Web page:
Turning conservative opinion around on the contentious issue of immigration will not be easy. But without such a shift, conservative candidates will find it difficult to win national and statewide elections as they face an electorate that includes a rapidly expanding share of Hispanic voters.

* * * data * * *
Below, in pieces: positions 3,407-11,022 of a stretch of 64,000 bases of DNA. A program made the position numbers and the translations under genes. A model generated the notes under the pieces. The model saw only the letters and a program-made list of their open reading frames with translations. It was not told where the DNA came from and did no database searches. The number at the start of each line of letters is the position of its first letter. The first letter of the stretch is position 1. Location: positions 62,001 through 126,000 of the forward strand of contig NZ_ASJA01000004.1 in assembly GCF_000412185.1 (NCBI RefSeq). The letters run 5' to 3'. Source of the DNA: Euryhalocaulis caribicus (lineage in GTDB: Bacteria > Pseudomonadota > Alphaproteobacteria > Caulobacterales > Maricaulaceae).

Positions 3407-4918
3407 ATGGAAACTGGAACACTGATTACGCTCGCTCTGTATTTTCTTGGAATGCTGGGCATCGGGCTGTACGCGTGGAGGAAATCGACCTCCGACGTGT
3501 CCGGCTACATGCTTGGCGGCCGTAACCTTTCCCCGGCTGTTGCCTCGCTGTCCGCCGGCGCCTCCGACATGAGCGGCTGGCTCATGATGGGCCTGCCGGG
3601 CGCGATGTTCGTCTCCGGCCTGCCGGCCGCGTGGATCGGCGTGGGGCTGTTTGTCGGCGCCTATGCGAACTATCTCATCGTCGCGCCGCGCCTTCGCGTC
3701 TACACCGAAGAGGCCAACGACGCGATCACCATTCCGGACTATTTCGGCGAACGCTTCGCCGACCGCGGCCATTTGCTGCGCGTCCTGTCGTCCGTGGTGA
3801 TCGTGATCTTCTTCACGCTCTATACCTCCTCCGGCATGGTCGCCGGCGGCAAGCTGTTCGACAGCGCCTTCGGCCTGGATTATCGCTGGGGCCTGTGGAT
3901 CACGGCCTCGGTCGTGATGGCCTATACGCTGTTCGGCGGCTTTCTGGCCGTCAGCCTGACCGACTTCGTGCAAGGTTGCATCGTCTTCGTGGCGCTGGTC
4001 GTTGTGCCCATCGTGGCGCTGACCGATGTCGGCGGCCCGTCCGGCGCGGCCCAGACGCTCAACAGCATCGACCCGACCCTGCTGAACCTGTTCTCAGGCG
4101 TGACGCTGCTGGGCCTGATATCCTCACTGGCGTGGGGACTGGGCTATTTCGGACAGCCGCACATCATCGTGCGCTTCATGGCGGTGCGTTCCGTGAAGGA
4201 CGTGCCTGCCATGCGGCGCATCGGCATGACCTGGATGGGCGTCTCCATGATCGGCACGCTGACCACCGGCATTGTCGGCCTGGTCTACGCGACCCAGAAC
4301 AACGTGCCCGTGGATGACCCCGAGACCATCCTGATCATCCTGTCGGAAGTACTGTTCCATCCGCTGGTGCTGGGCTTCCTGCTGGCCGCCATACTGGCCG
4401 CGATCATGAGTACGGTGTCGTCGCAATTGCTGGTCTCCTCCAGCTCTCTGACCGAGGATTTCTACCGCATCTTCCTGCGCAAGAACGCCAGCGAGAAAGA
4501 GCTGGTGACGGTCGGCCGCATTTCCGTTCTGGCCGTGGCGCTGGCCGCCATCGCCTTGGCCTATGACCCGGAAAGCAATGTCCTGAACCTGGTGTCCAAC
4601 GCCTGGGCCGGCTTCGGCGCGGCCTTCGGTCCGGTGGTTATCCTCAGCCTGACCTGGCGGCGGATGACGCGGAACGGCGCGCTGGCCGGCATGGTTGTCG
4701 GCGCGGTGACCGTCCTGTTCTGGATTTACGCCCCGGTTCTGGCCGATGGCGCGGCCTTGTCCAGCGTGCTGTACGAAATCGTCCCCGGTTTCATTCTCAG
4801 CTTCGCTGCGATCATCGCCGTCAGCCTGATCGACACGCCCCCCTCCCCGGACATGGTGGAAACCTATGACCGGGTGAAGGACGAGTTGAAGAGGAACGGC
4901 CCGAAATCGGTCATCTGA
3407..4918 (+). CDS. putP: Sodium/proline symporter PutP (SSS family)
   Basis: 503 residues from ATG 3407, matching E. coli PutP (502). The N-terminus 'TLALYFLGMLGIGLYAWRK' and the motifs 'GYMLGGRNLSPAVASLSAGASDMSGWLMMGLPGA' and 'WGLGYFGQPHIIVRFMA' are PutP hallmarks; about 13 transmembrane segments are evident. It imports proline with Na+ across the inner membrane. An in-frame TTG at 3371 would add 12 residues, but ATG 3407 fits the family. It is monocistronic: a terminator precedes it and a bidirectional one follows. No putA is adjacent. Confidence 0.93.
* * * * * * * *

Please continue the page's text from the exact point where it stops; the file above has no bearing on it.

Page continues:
Hispanics are the fastest growing demographic group in the United States. Numbering more than 50 million, Hispanics constitute 16 percent of the overall population; and their proportion will continue to increase even if all immigration—legal and illegal—were to cease today. On average, Hispanics are younger than non-Hispanic whites (with a median age of 27 compared with 42), give birth to more children (2.4 to 1.8), and enjoy greater longevity (81 years to 78). These factors guarantee that the Hispanic share of the population— and the electorate—will continue to rise. What is more, 22 percent of all children in the United States today are Hispanic, and the majority of them are the offspring of at least one foreign-born parent. This fact alone guarantees immigration will remain a potent issue among Hispanic voters for a generation or more.

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